The Role of Morphological Decomposition in Reading Complex Words in Arabic in Elementary School Years

Ibrahim A. Asadi, Vered Vaknin‑Nusbaum, Haitham Taha

Research output: Contribution to journalArticlepeer-review


We examined the role of morphological processing in the reading of inflections and derivations in Arabic, a morphologically-rich language, among 228 first-graders and 230 second-graders. All words were morphologically complex, with differences in number of morphemes and morphological transparency. Inflections consisted of three morphemes, with high transparency of the root morpheme, while derivations consisted of two morphemes with lower transparency of the root. Results indicated that, despite their matching in frequency and syllabic length, reading performances of derivations was better than those of inflections. That is, three-morphemic highly transparent inflections were read slower and involved more errors than bi-morphemic less transparent derivations. These differences in reading performance between inflectional and derivational words might suggest that Arab-speaking novice readers use a morphological decomposition process that is reflected in reading accuracy and fluency. The results highlight the important role morphology has in reading, even at a young age, along with reading acquisition.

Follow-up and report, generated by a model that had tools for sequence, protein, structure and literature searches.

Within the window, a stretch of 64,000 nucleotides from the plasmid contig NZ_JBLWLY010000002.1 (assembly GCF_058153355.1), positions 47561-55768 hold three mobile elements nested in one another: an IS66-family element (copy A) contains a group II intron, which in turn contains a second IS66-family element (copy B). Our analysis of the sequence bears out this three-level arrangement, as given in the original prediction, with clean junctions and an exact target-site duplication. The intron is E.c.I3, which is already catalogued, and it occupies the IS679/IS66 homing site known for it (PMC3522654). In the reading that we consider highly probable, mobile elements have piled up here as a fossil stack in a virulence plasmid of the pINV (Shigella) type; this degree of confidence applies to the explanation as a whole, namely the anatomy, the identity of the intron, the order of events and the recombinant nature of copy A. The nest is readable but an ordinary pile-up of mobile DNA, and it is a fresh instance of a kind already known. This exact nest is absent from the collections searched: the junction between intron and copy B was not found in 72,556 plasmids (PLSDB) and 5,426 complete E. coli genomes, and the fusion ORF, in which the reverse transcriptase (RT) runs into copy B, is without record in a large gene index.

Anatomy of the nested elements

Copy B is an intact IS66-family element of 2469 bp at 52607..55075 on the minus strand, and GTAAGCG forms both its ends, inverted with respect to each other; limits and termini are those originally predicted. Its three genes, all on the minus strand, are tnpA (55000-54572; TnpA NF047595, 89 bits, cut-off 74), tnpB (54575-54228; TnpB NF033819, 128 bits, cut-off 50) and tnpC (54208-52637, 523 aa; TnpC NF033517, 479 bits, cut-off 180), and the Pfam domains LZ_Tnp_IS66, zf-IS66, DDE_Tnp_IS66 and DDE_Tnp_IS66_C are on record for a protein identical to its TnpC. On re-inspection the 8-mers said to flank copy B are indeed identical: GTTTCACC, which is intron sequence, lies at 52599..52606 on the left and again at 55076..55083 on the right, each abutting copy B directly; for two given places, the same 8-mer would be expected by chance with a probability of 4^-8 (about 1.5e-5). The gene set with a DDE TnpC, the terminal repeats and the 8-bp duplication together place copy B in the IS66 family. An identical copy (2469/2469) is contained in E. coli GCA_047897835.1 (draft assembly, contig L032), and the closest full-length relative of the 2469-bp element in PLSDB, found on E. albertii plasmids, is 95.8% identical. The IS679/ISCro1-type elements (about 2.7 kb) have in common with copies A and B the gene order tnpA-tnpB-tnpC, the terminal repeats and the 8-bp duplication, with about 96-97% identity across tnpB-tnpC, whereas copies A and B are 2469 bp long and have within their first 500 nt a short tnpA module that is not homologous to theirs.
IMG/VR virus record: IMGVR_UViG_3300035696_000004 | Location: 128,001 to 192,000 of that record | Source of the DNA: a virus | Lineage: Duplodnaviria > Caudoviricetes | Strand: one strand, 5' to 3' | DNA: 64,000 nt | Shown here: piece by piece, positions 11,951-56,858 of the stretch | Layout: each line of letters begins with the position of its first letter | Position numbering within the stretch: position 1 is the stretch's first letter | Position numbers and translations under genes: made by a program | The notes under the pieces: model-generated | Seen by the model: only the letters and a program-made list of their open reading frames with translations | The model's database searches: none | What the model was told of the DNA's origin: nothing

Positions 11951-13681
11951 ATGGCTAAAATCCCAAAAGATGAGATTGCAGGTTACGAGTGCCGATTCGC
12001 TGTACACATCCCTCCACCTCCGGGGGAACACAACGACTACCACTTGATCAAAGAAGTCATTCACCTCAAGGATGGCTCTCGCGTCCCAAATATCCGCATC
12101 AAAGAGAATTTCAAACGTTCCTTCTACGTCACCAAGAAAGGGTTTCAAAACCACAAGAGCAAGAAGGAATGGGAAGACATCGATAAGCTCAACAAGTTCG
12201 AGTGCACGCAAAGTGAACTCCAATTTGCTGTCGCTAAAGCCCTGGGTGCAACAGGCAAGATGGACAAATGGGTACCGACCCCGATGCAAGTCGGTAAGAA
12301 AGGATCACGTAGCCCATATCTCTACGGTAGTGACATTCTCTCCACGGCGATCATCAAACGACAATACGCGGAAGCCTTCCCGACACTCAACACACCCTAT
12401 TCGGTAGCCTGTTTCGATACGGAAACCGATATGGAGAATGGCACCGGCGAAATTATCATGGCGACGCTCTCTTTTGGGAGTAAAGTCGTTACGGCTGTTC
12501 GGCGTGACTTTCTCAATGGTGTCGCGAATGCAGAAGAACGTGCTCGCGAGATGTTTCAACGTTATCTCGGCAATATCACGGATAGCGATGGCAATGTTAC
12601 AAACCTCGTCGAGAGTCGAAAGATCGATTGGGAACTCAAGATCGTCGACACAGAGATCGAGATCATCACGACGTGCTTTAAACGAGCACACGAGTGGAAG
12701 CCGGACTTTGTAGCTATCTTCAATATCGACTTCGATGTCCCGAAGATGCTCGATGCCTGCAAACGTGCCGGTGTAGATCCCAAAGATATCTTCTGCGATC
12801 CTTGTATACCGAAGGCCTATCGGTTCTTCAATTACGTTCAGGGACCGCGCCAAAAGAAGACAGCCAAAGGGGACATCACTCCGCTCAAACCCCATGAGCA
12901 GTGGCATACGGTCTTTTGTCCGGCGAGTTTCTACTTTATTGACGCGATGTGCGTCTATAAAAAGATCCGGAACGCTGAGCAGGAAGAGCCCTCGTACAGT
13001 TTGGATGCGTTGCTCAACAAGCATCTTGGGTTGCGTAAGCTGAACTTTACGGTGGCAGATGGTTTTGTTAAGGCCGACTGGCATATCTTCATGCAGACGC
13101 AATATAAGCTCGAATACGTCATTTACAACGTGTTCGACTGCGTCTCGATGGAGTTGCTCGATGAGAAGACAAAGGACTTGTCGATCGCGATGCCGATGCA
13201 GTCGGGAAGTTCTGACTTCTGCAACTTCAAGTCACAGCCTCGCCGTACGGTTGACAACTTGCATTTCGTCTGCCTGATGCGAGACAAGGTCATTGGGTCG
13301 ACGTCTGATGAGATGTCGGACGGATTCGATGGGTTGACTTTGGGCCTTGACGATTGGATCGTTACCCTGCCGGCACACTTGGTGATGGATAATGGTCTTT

Original languageEnglish
Pages (from-to)2863-2876
Number of pages14
JournalJournal of Psycholinguistic Research
Issue number6
StatePublished - Dec 2023

Bibliographical note

Publisher Copyright:
© 2023, The Author(s), under exclusive licence to Springer Science+Business Media, LLC, part of Springer Nature.


  • Arabic
  • Complex
  • Derivations
  • Fluency
  • Inflections
  • Morphological decomposition
  • Word-reading

ASJC Scopus subject areas

  • Experimental and Cognitive Psychology
  • Language and Linguistics
  • Linguistics and Language
  • General Psychology


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